Grilling vegetables

Yield: 1 info

Measure Ingredient
\N \N None

There's a lot of room for improvisation when cooking vegetables on the grill. Tender, quick-cooking vegetables are the easiest to work with, and they yield the most satisfying results because you can be sure they'll cook thoroughly. For example, leeks develop wonderful pink colors and sweet flavors, baby onions lined up on a skewer explode and caramelize, and red onion rings tossed with olive oil and rosemary are a delicious accompaniment to grilled chicken.

Since vegetables are virtually fat-free, they need to be brushed with oil to prevent them from sticking to the grill. Use a good quality olive oil, along with some fresh thyme, rosemary or oregano, and plenty of salt and freshly ground black pepper.

There are three methods of coating vegetables with oil: : The simplest and neatest is to put the vegetables in a bowl, : drizzle with oil, season, and toss to coat.

: You can put the vegetables on a tray and brush them with lightly

: with oil that's already seasoned.

: For long, thin vegetables, such as asparagus and scallions, pour a

: bit of oil into the palms of your hands and rub each stalk to : lightly coat it.

Skewering vegetables makes it much easier to move them around and turn them on the grill. Also, small vegetables won't fall through the grill bars and into the fire. If you use bamboo skewers, soak them first in water for about 20 minutes to keep the tips from burning.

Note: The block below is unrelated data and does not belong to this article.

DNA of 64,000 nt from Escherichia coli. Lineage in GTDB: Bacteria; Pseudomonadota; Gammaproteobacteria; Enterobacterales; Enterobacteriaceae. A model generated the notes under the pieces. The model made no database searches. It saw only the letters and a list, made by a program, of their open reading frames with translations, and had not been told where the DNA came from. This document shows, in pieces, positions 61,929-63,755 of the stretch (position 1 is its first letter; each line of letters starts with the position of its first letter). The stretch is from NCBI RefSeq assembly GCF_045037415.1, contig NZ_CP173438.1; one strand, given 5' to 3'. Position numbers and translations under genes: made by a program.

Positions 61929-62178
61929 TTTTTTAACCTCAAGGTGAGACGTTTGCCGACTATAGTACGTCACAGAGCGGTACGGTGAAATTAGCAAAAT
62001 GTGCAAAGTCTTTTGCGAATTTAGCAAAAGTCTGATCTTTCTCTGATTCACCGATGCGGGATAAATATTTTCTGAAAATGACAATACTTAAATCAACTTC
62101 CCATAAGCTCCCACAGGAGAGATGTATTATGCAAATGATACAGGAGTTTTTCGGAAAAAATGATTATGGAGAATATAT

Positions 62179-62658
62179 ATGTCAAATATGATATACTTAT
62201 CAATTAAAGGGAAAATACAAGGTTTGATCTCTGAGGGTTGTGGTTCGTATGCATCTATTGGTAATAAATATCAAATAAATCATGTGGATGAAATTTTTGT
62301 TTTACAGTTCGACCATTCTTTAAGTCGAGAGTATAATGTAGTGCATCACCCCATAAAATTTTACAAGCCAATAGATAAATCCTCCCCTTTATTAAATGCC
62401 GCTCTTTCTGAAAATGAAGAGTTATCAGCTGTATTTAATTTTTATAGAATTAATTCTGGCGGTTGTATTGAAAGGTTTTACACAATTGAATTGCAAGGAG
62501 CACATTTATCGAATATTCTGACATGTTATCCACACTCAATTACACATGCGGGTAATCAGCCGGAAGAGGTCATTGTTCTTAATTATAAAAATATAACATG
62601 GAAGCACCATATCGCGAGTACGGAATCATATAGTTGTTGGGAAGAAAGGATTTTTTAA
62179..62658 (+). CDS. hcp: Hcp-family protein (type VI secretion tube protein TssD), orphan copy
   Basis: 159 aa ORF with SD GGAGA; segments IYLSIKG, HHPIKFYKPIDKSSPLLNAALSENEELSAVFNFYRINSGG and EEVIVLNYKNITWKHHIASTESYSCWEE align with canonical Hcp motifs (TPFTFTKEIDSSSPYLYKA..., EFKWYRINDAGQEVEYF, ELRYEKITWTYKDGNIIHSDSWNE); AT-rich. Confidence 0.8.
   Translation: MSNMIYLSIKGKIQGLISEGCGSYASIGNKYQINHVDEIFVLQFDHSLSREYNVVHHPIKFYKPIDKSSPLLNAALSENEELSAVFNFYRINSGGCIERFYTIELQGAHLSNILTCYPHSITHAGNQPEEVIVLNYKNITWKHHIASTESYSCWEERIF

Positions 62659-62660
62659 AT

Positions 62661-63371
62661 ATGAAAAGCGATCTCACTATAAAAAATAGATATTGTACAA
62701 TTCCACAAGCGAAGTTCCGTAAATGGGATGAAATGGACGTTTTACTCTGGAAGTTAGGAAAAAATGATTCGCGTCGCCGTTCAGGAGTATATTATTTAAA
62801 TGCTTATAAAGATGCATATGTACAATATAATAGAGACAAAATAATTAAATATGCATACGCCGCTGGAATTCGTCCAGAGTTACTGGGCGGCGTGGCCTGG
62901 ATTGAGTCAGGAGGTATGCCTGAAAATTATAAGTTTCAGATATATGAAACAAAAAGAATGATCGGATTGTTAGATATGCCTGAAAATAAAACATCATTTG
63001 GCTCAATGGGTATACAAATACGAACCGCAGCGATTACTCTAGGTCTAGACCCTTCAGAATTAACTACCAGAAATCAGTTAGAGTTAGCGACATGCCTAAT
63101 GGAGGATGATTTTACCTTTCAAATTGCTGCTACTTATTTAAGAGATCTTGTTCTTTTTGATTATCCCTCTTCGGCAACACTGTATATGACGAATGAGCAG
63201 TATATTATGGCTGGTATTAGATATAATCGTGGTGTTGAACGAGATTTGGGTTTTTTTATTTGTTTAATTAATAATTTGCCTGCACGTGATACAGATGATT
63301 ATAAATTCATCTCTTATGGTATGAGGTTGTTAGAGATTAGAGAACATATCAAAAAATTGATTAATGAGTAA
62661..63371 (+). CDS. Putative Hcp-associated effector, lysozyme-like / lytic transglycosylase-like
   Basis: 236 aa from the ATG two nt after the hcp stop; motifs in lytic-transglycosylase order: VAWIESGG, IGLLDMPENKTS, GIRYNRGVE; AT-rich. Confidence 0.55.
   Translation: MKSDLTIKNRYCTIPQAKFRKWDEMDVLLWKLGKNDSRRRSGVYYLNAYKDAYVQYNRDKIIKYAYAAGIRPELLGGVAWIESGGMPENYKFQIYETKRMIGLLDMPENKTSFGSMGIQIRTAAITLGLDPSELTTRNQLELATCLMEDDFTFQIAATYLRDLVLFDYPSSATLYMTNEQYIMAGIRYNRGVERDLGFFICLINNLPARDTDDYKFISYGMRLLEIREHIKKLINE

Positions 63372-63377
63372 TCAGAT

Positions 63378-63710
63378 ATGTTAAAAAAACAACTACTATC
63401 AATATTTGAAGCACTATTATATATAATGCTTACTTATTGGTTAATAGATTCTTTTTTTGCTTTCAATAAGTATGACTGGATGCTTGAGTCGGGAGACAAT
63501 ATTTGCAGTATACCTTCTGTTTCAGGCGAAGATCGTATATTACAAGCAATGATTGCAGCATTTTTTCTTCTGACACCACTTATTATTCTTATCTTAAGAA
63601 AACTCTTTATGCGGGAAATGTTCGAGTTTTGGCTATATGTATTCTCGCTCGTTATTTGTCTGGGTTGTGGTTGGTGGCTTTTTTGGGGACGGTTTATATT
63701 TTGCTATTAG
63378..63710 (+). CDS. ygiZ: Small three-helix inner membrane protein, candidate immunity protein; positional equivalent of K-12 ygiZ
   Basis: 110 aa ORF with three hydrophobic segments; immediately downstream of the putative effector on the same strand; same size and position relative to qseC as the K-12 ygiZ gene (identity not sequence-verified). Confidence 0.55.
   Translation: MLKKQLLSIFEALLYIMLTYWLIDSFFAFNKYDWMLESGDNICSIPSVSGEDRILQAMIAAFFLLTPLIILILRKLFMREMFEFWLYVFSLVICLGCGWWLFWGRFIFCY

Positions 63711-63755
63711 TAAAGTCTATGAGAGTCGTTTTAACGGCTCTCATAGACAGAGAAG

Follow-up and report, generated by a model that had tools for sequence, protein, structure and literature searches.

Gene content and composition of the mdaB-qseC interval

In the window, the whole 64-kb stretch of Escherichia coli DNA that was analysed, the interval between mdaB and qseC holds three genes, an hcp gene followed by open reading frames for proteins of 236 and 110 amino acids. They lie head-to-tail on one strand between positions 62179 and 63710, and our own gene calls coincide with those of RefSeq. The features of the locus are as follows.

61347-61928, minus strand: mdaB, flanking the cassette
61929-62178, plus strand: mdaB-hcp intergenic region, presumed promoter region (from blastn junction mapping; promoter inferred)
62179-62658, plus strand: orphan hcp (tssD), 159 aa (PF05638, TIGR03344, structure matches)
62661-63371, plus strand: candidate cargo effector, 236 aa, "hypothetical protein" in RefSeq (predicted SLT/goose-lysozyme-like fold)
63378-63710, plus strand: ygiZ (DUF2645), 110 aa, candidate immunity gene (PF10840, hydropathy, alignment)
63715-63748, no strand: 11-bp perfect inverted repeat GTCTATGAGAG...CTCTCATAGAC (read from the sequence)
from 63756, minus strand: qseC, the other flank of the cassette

For round vegetables, like button mushrooms or small onions, try inserting two thin parallel skewers so the vegetables won't spin when you turn them. A good tip for onion rounds is to insert a toothpick or short skewer through the center to keep the rings together during cooking.

Your fire should be medium hot; the coals should be covered with gray ash but still have a red glow. Cook vegetables over direct heat, but don't crowd them or they'll cook unevenly. If the vegetables are done too soon push them off to the side and bunch them together. This slows the cooking but keeps the vegetables moist and warm.

Vegetables are cooked properly when they're soft enough to be pierced easily with a fork or the tip of a knife but still have some "bite" to them.

Fine Cooking

August-September 1995

Submitted By DIANE LAZARUS On 11-07-95

Similar recipes